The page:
Background: Environmental factors play a role in the pathogenesis of autoimmune conditions. The incidence of type 1 diabetes is higher in winter. It is unclear whether autoimmune thyroid disease is similarly affected by seasonal variation. We aimed to study the variation in anti thyroid peroxidase (TPO) antibodies in relation to calendar month of sampling.
Methods: We obtained TPO-antibody results for the 12 months (October 2009 till September 2010). Individuals with known thyroid disease were excluded. TPO-antibody levels were measured quantitatively by ELISA and levels >50 IU/ml were classed as high. Geometric mean TPO-antibody concentrations were compared against month of sampling after correcting for multiple comparisons. Mean maximum temperatures and sunshine hours for the north east of England for the same time period were obtained from the Met Office. Stepwise linear regression analyses were performed to determine factors predicting TPO levels.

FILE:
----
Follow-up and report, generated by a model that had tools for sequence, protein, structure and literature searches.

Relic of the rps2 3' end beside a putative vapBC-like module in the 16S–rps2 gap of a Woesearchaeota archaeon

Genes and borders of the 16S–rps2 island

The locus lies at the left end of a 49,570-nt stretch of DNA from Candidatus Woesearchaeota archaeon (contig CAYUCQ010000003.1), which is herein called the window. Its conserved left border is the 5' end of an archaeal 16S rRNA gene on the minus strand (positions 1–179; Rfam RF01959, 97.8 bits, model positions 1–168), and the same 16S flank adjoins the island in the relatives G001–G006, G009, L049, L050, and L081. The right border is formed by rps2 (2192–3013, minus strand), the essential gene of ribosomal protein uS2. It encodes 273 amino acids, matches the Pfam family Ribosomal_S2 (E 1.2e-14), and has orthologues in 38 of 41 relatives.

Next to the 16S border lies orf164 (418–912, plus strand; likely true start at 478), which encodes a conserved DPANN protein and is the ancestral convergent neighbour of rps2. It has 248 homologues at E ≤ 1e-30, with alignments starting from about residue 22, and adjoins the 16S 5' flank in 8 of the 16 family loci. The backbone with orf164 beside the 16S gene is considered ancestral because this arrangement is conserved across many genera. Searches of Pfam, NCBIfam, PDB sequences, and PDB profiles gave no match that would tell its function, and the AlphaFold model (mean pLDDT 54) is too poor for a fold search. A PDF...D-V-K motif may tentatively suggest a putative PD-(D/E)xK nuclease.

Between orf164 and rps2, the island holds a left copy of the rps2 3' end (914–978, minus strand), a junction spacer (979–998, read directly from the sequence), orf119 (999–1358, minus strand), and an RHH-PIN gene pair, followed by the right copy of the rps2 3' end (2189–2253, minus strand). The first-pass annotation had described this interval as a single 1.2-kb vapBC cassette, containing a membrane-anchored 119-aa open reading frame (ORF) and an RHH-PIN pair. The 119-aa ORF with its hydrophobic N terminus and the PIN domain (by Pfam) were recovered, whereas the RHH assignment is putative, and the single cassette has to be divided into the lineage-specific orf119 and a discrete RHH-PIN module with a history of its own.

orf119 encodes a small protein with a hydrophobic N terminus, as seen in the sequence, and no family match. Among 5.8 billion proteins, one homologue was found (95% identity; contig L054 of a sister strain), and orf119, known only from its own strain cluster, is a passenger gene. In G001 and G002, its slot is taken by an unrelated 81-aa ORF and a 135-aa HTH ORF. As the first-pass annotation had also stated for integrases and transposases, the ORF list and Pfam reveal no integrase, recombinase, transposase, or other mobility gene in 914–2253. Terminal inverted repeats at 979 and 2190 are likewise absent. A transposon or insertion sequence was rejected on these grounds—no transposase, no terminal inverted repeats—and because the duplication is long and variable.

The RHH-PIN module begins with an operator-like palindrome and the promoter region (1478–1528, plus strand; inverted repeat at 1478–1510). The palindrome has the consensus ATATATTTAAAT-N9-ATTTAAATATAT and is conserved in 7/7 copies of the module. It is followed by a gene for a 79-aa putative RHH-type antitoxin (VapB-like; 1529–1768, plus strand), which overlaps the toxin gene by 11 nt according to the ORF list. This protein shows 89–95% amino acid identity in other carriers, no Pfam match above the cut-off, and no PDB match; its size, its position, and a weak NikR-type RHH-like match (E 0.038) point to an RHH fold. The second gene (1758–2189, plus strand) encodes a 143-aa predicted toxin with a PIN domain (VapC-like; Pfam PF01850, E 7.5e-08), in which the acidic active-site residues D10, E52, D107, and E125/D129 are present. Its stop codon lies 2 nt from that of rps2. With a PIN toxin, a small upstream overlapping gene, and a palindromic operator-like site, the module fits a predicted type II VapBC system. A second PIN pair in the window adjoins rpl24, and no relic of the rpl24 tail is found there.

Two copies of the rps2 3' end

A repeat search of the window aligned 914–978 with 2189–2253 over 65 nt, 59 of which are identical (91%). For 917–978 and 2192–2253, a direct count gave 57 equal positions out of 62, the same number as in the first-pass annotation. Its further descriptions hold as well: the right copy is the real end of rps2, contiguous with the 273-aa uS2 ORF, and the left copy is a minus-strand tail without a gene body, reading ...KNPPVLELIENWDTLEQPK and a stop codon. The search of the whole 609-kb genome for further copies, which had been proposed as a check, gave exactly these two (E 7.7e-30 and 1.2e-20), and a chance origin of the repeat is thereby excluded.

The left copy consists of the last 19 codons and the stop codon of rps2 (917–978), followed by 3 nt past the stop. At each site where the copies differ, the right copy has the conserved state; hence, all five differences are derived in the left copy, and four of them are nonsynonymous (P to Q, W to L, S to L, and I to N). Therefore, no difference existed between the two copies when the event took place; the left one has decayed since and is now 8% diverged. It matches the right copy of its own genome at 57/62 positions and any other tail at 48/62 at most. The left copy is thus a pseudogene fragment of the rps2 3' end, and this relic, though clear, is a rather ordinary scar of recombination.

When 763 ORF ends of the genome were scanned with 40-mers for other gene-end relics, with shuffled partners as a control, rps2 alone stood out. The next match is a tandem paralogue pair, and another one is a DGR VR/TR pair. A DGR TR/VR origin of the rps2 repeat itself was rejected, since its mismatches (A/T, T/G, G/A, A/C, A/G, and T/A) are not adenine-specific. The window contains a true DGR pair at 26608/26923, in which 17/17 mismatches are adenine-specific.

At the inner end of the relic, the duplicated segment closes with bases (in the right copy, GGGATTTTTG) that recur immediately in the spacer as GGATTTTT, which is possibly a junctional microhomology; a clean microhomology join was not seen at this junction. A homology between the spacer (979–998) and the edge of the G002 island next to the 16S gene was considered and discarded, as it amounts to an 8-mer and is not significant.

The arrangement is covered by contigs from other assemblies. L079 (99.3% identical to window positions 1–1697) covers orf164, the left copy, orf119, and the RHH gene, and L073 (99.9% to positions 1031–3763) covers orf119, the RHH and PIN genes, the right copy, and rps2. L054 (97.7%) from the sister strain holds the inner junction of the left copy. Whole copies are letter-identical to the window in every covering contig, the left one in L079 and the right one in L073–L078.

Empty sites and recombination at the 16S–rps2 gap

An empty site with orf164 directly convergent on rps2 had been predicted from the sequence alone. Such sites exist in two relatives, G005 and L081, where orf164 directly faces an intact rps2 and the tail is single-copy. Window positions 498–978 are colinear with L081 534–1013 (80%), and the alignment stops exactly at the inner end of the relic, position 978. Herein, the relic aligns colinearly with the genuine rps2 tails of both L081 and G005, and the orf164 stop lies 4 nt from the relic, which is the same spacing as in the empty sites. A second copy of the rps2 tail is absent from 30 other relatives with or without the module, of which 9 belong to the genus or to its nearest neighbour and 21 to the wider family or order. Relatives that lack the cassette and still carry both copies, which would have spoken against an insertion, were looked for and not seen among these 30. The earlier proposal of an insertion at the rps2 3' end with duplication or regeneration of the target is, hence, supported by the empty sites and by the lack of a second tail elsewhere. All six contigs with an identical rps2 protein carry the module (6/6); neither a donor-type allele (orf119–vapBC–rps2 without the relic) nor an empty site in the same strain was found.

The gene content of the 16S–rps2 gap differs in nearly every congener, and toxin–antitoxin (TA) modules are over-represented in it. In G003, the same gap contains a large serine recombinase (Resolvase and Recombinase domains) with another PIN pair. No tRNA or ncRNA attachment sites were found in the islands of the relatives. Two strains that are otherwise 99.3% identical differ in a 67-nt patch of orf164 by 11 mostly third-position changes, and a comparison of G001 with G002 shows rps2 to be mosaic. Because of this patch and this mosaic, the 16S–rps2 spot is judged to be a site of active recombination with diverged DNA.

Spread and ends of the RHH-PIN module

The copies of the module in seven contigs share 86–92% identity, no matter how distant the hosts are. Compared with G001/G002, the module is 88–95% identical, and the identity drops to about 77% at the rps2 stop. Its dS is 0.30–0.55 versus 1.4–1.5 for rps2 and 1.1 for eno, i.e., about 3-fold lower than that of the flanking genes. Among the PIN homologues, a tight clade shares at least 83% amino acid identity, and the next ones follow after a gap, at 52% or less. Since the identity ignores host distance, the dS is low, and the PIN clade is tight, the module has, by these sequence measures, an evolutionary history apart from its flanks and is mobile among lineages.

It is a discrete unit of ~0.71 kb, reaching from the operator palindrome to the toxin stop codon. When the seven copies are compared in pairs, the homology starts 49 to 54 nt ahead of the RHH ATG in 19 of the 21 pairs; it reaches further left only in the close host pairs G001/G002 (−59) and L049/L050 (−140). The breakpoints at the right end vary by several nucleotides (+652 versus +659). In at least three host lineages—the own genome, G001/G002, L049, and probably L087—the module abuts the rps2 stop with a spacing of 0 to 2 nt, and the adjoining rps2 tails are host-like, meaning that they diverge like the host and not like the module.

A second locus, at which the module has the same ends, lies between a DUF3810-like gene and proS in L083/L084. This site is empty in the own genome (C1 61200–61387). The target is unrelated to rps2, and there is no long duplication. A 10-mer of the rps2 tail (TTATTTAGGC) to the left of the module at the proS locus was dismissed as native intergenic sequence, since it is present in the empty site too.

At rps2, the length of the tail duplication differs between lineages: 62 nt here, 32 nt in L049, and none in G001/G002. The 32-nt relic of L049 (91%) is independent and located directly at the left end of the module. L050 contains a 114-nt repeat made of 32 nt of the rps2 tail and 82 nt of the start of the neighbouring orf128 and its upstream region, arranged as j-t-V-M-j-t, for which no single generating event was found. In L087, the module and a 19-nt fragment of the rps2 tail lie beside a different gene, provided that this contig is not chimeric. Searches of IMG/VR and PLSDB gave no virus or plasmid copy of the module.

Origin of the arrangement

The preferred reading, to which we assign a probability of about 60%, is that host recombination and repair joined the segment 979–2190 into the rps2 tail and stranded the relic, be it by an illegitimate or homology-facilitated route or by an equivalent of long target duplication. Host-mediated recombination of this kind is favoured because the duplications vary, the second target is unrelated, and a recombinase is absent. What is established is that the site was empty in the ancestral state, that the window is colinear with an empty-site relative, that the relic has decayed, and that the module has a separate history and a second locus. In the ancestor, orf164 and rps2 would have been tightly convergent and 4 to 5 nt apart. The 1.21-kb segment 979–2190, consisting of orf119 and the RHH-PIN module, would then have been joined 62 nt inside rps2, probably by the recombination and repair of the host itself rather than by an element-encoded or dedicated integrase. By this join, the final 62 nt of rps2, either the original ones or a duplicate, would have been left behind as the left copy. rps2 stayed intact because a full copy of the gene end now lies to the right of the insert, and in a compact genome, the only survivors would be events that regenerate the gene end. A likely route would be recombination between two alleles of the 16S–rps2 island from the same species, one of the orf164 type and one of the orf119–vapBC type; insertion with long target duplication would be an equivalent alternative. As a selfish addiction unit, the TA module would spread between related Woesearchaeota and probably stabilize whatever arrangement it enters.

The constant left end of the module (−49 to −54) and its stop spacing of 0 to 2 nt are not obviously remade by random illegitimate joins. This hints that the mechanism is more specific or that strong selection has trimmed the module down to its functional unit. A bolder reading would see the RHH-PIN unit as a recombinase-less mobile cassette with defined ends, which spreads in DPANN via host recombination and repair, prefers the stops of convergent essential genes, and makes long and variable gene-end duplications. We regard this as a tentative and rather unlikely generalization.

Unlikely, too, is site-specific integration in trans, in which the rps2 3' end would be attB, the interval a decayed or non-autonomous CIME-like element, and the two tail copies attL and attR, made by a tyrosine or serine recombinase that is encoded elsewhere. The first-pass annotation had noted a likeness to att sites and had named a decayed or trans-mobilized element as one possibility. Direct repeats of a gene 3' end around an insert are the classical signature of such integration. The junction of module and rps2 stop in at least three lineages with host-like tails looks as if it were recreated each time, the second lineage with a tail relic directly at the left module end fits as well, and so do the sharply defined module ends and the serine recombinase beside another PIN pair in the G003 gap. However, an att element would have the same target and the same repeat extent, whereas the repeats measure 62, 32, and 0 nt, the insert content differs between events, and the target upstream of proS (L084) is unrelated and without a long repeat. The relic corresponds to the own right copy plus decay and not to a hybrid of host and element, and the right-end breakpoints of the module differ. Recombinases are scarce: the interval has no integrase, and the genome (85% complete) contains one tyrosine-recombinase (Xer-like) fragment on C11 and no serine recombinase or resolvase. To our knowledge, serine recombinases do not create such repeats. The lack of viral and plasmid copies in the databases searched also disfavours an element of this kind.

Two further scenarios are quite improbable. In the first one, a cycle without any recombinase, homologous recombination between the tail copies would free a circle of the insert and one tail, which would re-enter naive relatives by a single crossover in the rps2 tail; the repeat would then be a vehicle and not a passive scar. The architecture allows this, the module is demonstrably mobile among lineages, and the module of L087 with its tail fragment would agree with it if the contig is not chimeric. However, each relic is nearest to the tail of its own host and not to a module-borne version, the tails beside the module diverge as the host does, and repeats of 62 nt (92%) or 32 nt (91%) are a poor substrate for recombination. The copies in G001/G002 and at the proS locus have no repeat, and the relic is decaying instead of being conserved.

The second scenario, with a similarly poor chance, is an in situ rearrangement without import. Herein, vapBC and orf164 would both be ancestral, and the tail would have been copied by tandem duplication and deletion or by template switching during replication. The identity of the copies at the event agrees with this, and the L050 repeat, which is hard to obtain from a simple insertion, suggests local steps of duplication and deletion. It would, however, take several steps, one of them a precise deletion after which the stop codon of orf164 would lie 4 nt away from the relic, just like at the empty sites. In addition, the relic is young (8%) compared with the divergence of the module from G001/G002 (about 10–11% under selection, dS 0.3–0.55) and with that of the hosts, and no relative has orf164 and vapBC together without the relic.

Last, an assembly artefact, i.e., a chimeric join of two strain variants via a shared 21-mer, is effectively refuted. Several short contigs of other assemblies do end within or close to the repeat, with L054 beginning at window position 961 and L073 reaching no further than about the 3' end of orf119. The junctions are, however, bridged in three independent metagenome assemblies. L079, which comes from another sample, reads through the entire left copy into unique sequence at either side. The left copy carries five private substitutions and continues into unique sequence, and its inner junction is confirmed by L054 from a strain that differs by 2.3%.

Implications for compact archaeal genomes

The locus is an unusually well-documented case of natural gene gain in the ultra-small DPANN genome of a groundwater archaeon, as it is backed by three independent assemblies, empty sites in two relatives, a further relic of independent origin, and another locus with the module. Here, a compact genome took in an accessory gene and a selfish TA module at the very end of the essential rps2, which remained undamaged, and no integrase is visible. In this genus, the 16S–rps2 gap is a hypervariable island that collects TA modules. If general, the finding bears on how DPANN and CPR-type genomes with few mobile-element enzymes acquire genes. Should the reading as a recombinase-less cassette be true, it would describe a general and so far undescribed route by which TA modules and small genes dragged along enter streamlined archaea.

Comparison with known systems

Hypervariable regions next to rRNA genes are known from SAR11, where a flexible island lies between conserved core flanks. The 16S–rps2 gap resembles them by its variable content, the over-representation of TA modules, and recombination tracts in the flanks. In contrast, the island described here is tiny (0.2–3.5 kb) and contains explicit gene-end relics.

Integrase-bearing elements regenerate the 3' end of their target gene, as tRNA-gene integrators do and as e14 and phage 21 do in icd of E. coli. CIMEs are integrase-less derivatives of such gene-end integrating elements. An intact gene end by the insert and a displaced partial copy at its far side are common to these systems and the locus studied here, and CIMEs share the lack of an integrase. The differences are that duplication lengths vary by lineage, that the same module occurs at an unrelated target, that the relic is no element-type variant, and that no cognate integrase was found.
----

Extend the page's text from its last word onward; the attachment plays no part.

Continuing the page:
Results: The mean age (S.D.) of the cohort (n=841) was 51.2 (21.7) years and majority were female (73.1%). The age and gender distribution of the cohort was similar in each month of sampling. Geometric mean (range) TPO-antibody levels were lower in winter than in summer with the lowest level in December of 15.25 (3540) IU/ml and highest in August of 32.6 (93000) IU/ml (P<0.001). The proportion of individuals with high TPO levels was higher in August (32.9%) than in December (18.6%), P<0.01. Age, gender and maximum temperature on the day of sampling explained 6% of the variation in TPO levels with temperature alone accounting for 3% of variation.
Conclusions: Thyroid autoimmunity as measured by TPO-antibody levels has a seasonal variation with lower concentrations in winter and higher in summer which is partly explained by the effect of temperature. This apparent association of thyroid autoimmunity with temperature may have implications for the future, especially in the context of global warming.